Digital forensics leads the fight against cyber-crime

Andrew Sheldon discusses how there is considerable danger in allowing digital forensic triage to be carried out in haste or in ignorance

Contributed by Andrew Sheldon MSc, chief technical officer, Evidence Talks
Contributed by Andrew Sheldon MSc, chief technical officer, Evidence Talks

In 2015 the Office for National Statistics figures included data on cyber-crime for the first time, with the crime rate for England and Wales soaring to more than 11.6 million offences as a result. An estimated 5.1 million online fraud incidents and 2.5 million cyber-crime offences were contained in the figures, and these were in stark contrast to a fall in the underlying crime rate, which was down by eight percent in the previous year.

“The rise and rise of cyber-crime” is, even in a climate of political upheaval and social realignment, still a headline-grabber on a regular basis. For example, in the kind of personal scam barely known five years ago, dating fraud increased by 10 percent from 2014 to 2015 and now accounts for around £33 million a year in the UK alone. In one astonishing case, a newly divorced mother signed over £1.6 million in a matter of weeks. Victim support organisations such as Scam Survivors estimate that 90 percent of members on some dating sites are scammed and there have been extreme cases where the victims have taken their own lives.

A Detica report in partnership with the Office of Cyber Security and Information Assurance in the Cabinet Office entitled ‘The cost of Cyber-Crime” published in 2011 put the cost to the UK economy at £27 billion and growing.

In September 2015, the then Home Secretary Theresa May said, “We want… to free up officers' time to focus on the jobs only they can carry out. At the same time, we want to encourage those with skills in particular demand, such as those with specialist IT or accounting skills, to work alongside police officers to investigate cyber or financial crime and help officers and staff fight crime more easily.”

What might be a more realistic approach would be to recruit from the substantial ranks of recently retired police officers, many of who have first-hand experience of the value and use of digital forensics, all of whom are well-versed in the business of fighting crime.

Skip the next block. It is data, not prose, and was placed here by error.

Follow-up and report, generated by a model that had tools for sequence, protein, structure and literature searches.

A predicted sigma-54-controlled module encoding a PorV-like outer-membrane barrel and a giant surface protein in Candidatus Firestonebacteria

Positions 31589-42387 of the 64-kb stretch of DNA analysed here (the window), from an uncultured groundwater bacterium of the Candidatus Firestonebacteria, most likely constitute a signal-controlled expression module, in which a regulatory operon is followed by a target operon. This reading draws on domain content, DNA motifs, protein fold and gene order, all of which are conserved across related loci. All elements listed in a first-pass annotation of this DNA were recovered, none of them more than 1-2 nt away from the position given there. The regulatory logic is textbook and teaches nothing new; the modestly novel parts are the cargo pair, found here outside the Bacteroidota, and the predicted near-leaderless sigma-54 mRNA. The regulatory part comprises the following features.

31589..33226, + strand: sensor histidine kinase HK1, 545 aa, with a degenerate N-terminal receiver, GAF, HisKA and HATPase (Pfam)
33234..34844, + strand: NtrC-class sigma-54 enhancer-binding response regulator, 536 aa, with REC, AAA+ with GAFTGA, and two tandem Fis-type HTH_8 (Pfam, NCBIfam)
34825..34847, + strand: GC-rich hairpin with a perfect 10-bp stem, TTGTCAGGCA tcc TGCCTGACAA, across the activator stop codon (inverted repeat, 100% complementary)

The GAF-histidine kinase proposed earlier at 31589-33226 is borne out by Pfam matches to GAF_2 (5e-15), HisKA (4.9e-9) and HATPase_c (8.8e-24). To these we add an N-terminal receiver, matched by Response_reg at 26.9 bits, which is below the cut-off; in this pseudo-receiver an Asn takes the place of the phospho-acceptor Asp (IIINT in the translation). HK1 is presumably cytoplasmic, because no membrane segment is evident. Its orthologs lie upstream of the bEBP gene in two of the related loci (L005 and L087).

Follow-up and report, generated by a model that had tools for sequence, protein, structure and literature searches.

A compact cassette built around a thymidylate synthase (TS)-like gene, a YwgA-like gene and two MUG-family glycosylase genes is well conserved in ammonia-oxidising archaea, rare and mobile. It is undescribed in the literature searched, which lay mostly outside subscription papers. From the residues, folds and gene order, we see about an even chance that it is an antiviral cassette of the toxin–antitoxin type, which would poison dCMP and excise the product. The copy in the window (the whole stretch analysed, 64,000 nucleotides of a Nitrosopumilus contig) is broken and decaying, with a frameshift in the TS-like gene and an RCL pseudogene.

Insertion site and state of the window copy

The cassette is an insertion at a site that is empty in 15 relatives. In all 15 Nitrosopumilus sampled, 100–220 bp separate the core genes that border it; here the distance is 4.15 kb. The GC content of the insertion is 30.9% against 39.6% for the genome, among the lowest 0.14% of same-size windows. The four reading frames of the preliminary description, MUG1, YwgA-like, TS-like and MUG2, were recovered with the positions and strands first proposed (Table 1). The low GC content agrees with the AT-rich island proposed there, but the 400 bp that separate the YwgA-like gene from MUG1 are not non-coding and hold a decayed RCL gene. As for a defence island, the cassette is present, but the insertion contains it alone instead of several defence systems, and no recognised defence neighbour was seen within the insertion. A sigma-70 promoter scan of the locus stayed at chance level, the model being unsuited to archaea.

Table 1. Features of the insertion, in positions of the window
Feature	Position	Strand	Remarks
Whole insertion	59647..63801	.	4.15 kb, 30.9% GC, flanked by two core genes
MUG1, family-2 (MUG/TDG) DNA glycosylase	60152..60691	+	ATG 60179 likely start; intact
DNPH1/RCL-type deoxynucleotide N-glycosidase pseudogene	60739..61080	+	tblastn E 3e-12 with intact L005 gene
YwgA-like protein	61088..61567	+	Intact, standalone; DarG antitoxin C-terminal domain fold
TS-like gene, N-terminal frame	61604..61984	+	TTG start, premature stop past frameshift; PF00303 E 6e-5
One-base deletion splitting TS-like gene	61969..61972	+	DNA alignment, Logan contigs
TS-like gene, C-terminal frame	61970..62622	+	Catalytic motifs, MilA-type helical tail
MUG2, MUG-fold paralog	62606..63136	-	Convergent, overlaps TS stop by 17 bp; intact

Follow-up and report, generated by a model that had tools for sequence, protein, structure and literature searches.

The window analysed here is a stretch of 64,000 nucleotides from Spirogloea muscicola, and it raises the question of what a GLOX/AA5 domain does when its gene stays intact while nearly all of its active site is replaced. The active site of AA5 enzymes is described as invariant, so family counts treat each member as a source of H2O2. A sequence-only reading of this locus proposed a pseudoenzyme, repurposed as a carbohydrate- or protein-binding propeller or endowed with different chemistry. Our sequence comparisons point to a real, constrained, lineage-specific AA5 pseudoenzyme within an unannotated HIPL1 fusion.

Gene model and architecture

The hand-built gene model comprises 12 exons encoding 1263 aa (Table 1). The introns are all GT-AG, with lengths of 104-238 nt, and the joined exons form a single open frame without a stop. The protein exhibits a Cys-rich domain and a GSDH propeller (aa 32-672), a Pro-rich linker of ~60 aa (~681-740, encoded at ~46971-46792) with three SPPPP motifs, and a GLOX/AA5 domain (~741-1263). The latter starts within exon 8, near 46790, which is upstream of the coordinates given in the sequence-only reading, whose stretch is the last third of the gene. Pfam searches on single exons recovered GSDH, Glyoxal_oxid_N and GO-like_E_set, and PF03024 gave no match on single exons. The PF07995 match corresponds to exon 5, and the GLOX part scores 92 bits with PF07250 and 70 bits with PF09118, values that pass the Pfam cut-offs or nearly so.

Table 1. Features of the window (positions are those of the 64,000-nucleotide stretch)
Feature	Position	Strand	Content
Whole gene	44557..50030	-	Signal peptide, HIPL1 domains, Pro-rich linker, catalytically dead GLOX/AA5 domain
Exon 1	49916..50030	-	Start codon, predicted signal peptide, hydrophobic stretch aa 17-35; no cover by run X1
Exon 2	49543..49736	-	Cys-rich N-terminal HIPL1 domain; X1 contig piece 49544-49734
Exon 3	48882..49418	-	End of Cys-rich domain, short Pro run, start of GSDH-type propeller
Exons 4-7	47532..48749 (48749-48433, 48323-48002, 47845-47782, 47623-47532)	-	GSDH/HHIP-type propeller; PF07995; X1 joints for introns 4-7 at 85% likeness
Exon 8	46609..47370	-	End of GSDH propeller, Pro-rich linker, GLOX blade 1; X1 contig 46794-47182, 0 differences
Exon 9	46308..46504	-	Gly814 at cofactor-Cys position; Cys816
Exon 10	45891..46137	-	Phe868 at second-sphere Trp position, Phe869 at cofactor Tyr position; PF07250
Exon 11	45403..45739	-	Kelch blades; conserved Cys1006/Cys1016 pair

A further source of relevant talent is the well trained and knowledgeable IT support technicians working in major corporates who, through their organisations' Social Responsibility Policy, could be seconded for regular, short periods or on-demand (using an Uber-type model) to support officers in meeting key operational needs.

There are innumerable case studies from around the globe where providers work with specialist crime teams who know their requirements, understand the criminal fraternity they are dealing with and can provide informed feedback on the speed and efficiency of the systems they're using. The answer is to empower front-line investigators themselves so that neither time-poor specialist officers nor well-meaning amateurs need to get involved.

There is considerable danger in allowing digital forensic triage to be carried out in haste or in ignorance. While most organisations in both the public and the private sectors have disaster recovery plans in place, many of these are not entirely fit for purpose, resulting in actions being taken on digital systems that undermine the objectives and success of the response. Typically, the kind of events that will require forensic examination include:

  • E-Discovery and E-Disclosure
  • Investigations into inappropriate systems use resulting in policy breaches
  • Support of civil litigation or employment law activities
  • Data loss or compromise of statutory information security obligations
  • Investigations into criminal activity such as fraud, theft, hacking and malware.

And of course the landscape is not a static one. Most organisations are affected by a series of market dynamics and continuing advances in technology require monitoring and reaction.  Like all systems, incident response procedures need to constantly evolve; in dealing with the criminal fraternity this includes responding to the changing tactics and methods of law-breaking that go on.

Ideally, regular reviews need to take place covering all the following:

  • Current human resourcing
  • Current digital security, disaster recovery and contingencies
  • Policies and procedures
  • Analysis and review of historical incident responses and outcomes

Reassuringly, the highly specialised proprietary software and hardware that is available offers the capability with a modicum of training to mix information from parts of the net and interrogate the full range of digital devices used by criminals. This gives crime-fighters all the weapons needed to advance quickly to producing evidence quality data.

These techniques extend from abuse of corporate systems and misuse of intellectual property to the most serious cases of people trafficking and child abuse.

The Office for National Statistics head of crime, John Flatley, has said, “It has been argued that crime has not actually fallen but changed, moving to newer forms of crime…”

It is against this backdrop that the case forever closes co-operation between those who develop forensic triage technology and those charged with protecting the public and the corporate community from the effects of cyber-crime is made.

Empowering investigators to carry out what has previously been the preserve of specialists proliferates the power of forensic triage, significantly increases the chance of successful prosecutions and helps improve the pace of investigation through to securing evidence quality data.

Contributed by Andrew Sheldon MSc, chief technical officer, Evidence Talks

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